About Dry Needling

Why use dry needling for your patients

During the last decade, evidence on the role of dry needling of myofascial trigger points (MTrPs) in the management of several musculoskeletal disorders has been increasing, including low back pain, strains and sprains,tendionopathies, plantar heel pain, temporomandibular disorders, epicondylalgia or myofascial pain syndrome, fibromyaligia and many more.

Research has shown that dry needling has similar effects to pharmacological interventions for range of motion and quality of life, and  results have shown that dry needle

treatment alone, or as an addition to standard physical treatment, was effective in reducing pain intensity in patients suffering from MTrPs.

A randomized clinical trial found that inclusion of trigger point dry needling (TrP-DN) into an exercise program resulted in greater improvements on shoulder-related disability in subjects with subacromial pain syndrome.

TrP-DN can be clinically used for improving effects of exercise programs in people with myofascial pain syndrome and other musculoskeletal dysfunction.

Studies have also shown postive effects on patients Pressure Pain Threshold (PPT). Where PPT was measured in patients before and after dry needling treatment, all reported an increased threshold after dry needling in comparison with a sham/placebo group.

The premises and objectives of treatment are by no means similar to acupuncture, even though the same type of needles are used for this procedure. Dry needling predominantly employs the needling of myofascial trigger points (MTrPs).

How is dry needling perfomed

 Dry needling consists of using a solid filament needle, as a physical agent, that is inserted into the skin and muscle tissue to create a mechanical stimulus with the goal of deactivating MTrPs. Once the MTrP is deactivated, the needle is removed.

There are two distinct dry needling techniques. Superficial dry needling and deep dery needling (DDN). Both techniques are used in the treatment of pain and referred pain from myofascial trigger points but superficial dry needling can also be used for treating pain from ligaments and joints.

Trigger points

Trigger points are defined as hyperirritable spots that react with hyperaesthesia when subjected to mechanical stimulation, such as application of pressure or stretching. Trigger points are usually located in muscles and, if irritated, they can give: -a local response within the area of the muscle in which the point is located, -a radiating pain reaction, -a pain reaction in a location distant from the irritated point.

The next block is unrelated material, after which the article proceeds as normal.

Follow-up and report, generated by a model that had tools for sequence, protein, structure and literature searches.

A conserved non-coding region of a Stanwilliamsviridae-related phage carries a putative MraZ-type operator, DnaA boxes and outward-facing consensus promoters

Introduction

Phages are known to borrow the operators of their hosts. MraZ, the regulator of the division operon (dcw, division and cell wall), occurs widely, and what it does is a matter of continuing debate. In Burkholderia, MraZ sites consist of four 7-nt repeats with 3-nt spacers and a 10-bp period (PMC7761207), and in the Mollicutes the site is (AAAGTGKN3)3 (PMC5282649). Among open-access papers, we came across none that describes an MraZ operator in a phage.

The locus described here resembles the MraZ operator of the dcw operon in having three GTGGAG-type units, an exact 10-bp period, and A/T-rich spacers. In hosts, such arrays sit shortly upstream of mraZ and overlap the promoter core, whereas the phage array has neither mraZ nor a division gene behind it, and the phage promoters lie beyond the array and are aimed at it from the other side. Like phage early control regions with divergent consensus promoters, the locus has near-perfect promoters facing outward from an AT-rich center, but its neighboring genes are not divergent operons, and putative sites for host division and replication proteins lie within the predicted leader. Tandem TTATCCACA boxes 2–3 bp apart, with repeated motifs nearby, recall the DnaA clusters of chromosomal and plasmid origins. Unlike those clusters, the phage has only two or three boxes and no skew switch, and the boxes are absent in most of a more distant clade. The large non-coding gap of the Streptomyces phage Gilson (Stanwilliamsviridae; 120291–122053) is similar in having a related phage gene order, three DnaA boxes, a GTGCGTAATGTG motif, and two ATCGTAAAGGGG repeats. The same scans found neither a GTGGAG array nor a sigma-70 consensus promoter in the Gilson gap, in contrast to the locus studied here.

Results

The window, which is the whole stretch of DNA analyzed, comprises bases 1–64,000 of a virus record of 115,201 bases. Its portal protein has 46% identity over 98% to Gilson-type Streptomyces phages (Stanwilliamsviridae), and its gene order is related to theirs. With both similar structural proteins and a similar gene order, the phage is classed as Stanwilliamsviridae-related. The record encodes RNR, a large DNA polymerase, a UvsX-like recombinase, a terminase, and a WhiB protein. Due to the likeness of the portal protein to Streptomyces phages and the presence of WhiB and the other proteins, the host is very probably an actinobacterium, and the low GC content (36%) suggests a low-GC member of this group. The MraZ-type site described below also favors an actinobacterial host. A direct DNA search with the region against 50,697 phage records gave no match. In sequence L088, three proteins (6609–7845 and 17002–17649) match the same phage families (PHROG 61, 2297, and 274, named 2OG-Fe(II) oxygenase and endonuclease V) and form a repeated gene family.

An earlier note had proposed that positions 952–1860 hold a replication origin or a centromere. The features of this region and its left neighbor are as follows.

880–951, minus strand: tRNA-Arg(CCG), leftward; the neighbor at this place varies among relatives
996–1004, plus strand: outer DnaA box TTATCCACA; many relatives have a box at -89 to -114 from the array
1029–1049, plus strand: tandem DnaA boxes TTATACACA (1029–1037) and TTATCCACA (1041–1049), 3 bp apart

Trigger points can be identified as myofascial, tendinous, ligamentous, subcutaneous, and periosteal trigger points (TrPs).

Primary myofascial trigger points are activated as a result of acute or chronic overstraining caused by excessive use of the muscle. If such a point is not eliminated by means of therapeutic techniques, such as dry needling, its activity induces the creation of a secondary point occupying space in both synergist and antagonist muscles in relation to the muscle being the primary location of the condition.

Secondary, TrPs are therefore created as a result of straining an agonist or as a consequence of synergistic action of muscles in the kinematic chain.

Myofascial trigger points are defined as trigger points (TrPs) located within the area of a muscle or its fascia. Irritation of such a point by palpation across the fibres is characterised by overresponse in the form of pain, tactile dysfunction, or an autonomic reaction. The entirety of all symptoms caused by trigger points is often called the myofascial pain syndrome. Local muscle contraction, also referred to as a twitch response in the referenced literature, is a very common result of subjecting the excessively tense fibre to palpation. This action can repeat as long as the active trigger point is not eliminated. Persistent trigger points will lead to points emerging in other muscles – this reaction follows the same kinematic chain. MTrPs influence the process of sensitization of the central and peripheral nervous system.

Trigger points can be either active or latent, dependent upon the degree of irritability. Active TrPs are spontaneously painful, while latent TrPs are only painful when stimulated.